You may already have a keen awareness of the competitors in your industry. In that case, this step should be pretty simple. If not, you’ll need to do some more digging. You can also leverage the LinkedIn search function to search for keywords or hashtags relevant to your business to see what accounts LinkedIn pulls. Keep in mind that you don’t just need to find direct competitors in your industry. You could also look at similar companies targeting different geographical areas or companies in a slightly different but related market space to draw inspiration for your strategy.
- Create a spreadsheet of competitors/ inspiration feeds.
Keep note of all of the accounts you find that are either inspiring or direct competitors to your business so that you can assess and compare their LinkedIn content to your own and each other.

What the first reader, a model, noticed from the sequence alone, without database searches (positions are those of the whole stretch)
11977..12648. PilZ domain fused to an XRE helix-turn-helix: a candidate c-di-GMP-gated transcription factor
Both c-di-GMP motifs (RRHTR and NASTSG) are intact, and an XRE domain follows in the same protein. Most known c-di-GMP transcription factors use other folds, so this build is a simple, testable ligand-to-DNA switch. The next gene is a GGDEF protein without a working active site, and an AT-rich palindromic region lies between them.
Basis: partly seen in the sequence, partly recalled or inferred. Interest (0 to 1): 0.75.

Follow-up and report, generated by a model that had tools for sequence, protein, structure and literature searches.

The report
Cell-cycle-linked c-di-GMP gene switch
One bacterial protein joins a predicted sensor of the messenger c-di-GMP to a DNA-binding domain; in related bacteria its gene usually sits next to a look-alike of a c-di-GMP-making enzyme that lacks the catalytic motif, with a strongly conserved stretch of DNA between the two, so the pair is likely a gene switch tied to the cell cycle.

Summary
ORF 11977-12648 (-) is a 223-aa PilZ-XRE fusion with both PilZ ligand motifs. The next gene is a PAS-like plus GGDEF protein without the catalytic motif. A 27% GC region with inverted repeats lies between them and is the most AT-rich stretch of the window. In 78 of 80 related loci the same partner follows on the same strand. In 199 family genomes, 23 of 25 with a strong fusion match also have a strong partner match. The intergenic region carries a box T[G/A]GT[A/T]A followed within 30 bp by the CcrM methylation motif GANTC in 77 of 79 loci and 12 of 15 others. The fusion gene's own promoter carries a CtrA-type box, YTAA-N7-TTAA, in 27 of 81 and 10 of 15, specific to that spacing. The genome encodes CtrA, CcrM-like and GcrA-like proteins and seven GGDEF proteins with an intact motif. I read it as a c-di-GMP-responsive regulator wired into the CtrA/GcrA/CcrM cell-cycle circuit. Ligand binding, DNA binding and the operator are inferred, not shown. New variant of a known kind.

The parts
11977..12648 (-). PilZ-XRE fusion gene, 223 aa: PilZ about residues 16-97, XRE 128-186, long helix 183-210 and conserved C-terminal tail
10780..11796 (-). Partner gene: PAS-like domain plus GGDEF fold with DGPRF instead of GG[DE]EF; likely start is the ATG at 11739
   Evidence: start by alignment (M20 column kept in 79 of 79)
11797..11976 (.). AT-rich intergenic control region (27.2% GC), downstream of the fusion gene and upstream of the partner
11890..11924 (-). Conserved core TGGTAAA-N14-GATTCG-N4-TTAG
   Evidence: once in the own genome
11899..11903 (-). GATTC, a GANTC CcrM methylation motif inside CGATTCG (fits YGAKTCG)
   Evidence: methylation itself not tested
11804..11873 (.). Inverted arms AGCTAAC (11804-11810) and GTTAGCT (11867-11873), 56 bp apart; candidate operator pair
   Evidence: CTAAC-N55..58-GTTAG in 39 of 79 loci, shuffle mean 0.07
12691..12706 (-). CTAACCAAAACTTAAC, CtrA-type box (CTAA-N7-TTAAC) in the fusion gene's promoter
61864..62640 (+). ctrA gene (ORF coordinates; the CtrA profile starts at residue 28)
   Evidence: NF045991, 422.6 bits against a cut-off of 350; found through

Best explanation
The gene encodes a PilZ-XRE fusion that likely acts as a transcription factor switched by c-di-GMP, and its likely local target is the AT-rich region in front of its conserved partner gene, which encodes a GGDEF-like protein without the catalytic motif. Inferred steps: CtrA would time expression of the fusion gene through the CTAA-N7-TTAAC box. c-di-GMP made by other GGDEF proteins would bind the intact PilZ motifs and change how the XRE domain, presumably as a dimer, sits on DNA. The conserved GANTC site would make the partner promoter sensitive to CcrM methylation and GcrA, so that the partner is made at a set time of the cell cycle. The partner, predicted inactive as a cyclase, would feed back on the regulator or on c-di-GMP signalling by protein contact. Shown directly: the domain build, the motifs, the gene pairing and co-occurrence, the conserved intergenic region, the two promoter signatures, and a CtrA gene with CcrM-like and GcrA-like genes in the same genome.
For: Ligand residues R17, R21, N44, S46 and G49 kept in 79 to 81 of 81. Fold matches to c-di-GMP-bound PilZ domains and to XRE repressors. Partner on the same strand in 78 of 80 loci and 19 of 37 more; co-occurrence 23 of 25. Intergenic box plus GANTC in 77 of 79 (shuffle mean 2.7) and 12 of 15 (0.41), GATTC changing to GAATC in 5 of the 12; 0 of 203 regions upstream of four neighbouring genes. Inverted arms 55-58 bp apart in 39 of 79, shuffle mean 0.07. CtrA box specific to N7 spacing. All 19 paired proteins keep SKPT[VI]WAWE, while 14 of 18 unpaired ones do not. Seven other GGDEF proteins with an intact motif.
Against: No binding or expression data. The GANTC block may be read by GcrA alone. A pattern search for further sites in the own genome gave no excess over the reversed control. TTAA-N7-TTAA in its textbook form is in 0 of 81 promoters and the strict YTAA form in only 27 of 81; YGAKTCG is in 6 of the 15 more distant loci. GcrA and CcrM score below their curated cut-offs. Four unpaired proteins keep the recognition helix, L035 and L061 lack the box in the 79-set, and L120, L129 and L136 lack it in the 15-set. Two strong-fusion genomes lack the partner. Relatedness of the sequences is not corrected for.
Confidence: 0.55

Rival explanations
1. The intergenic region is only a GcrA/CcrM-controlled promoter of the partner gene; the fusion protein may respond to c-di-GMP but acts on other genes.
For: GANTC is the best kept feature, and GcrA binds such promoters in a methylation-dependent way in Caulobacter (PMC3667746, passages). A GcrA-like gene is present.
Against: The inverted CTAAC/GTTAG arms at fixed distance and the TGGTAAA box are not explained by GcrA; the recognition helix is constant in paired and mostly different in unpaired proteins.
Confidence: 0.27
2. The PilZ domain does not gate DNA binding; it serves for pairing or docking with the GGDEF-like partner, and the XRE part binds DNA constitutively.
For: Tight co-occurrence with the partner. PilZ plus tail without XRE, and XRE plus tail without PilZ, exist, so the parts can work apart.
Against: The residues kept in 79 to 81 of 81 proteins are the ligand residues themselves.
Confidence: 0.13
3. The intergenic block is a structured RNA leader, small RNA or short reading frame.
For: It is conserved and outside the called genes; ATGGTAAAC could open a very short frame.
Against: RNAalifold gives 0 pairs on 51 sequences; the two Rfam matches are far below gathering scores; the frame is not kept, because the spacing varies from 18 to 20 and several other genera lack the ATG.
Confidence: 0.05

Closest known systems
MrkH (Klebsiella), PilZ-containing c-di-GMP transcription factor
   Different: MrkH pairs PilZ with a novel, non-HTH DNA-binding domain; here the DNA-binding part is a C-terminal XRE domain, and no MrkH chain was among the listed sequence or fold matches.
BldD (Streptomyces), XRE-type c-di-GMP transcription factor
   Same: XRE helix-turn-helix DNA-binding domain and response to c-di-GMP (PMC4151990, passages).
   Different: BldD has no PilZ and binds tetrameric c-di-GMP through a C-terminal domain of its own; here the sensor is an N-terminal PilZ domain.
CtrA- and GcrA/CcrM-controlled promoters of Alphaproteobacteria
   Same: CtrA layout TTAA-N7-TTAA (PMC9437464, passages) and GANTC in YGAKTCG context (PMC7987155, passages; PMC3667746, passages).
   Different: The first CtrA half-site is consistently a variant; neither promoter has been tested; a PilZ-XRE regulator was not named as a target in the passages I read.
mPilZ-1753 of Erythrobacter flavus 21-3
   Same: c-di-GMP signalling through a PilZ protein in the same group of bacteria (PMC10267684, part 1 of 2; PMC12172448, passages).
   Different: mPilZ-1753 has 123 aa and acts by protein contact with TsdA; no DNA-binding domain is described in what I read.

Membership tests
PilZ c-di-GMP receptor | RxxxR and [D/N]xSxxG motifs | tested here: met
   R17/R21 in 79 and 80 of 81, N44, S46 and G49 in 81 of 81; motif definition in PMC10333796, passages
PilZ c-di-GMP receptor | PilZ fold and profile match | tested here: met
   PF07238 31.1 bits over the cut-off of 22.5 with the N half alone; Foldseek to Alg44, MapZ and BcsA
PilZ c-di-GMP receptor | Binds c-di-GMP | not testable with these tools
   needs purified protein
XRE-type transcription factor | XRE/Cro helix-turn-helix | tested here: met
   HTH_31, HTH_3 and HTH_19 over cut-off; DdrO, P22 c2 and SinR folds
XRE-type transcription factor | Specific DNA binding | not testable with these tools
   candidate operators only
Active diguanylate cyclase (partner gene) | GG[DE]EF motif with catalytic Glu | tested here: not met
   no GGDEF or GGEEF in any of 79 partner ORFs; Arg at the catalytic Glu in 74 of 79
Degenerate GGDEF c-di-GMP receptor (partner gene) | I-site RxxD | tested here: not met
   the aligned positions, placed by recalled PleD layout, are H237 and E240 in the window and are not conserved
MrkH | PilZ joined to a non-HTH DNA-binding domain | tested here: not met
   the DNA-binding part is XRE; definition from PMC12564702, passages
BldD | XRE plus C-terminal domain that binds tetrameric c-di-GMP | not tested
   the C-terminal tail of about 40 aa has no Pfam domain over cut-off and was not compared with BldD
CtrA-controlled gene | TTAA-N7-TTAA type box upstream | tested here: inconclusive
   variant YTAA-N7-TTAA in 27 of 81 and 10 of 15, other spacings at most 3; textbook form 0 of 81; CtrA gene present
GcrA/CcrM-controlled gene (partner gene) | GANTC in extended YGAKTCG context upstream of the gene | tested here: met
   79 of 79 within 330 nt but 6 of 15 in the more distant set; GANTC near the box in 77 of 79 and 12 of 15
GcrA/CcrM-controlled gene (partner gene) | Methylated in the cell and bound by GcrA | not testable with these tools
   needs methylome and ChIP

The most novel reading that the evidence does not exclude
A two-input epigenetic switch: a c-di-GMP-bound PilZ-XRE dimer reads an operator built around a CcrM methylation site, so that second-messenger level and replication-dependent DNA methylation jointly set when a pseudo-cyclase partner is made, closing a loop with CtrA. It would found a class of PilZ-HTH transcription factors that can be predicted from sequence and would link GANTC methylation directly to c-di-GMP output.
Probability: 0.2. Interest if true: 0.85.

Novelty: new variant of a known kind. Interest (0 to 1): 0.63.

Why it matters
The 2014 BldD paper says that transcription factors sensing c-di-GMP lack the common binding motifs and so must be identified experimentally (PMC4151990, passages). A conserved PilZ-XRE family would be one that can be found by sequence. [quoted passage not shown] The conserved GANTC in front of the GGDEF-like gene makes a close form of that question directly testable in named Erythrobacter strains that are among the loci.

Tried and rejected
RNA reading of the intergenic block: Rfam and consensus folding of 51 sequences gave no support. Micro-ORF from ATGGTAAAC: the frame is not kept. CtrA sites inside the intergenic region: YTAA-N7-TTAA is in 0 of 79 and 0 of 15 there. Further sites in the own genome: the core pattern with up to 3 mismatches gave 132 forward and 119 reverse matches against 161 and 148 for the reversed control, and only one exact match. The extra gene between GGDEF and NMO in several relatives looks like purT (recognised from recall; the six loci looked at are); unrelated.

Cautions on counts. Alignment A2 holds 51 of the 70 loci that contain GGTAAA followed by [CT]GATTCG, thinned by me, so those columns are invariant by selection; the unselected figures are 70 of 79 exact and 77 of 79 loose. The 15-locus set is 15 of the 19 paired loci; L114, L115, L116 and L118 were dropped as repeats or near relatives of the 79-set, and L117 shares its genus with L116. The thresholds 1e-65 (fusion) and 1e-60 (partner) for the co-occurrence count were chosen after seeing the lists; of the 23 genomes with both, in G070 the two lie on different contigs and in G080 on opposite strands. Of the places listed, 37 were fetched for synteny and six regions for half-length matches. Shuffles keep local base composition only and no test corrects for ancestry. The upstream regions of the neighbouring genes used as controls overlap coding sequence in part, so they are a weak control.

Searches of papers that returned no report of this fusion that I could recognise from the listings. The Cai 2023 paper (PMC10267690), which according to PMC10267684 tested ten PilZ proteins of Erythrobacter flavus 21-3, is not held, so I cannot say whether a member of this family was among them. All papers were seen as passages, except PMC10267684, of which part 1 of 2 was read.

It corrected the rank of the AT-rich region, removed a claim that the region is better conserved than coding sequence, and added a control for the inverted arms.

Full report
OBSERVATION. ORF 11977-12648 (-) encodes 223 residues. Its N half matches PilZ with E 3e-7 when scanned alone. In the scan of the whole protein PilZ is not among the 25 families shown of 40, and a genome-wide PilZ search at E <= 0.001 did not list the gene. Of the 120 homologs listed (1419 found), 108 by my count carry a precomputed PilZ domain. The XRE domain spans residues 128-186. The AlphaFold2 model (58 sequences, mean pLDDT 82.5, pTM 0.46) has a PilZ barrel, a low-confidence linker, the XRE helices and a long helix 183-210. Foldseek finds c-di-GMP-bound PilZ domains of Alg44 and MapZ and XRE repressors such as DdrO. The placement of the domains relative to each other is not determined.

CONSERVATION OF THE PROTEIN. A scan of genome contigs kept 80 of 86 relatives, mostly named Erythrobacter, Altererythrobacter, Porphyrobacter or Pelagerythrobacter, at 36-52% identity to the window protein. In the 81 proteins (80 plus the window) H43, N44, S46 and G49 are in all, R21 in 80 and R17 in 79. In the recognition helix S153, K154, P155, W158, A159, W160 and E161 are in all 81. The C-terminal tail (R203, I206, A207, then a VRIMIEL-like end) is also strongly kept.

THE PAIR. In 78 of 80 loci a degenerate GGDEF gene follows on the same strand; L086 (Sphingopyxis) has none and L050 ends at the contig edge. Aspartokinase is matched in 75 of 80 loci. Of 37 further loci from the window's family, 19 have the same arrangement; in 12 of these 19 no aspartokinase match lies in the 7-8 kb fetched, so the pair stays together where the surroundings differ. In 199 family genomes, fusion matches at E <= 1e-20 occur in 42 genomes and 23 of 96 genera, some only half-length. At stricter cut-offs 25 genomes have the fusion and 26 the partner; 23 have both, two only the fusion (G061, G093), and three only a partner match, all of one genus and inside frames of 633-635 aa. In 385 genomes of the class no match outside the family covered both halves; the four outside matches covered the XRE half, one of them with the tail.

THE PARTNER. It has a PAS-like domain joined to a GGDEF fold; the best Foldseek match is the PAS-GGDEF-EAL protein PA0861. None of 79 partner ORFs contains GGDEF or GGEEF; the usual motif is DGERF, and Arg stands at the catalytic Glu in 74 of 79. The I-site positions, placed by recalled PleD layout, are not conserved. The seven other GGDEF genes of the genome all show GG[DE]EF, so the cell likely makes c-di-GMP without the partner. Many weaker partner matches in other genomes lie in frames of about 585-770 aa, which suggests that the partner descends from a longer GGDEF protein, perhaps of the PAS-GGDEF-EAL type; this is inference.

- Identify competitor strengths and weaknesses.
Make note of the things that each account is doing well (whether it’s something you like or something that is receiving good engagement) and the things that aren’t working that you’ll want to avoid when creating your own content.
Important note: If you’re a B2B business in a niche industry, chances are your competitors haven’t invested a lot of time into social media marketing. In that case, you can look beyond your direct competitors and look into related industries. Oftentimes, by expanding your horizons, you can find more inspiration.
Determine the Most Lucrative Post Types for Your Business
Below we’ve outlined some different post types you may want to rotate in your B2B social strategy.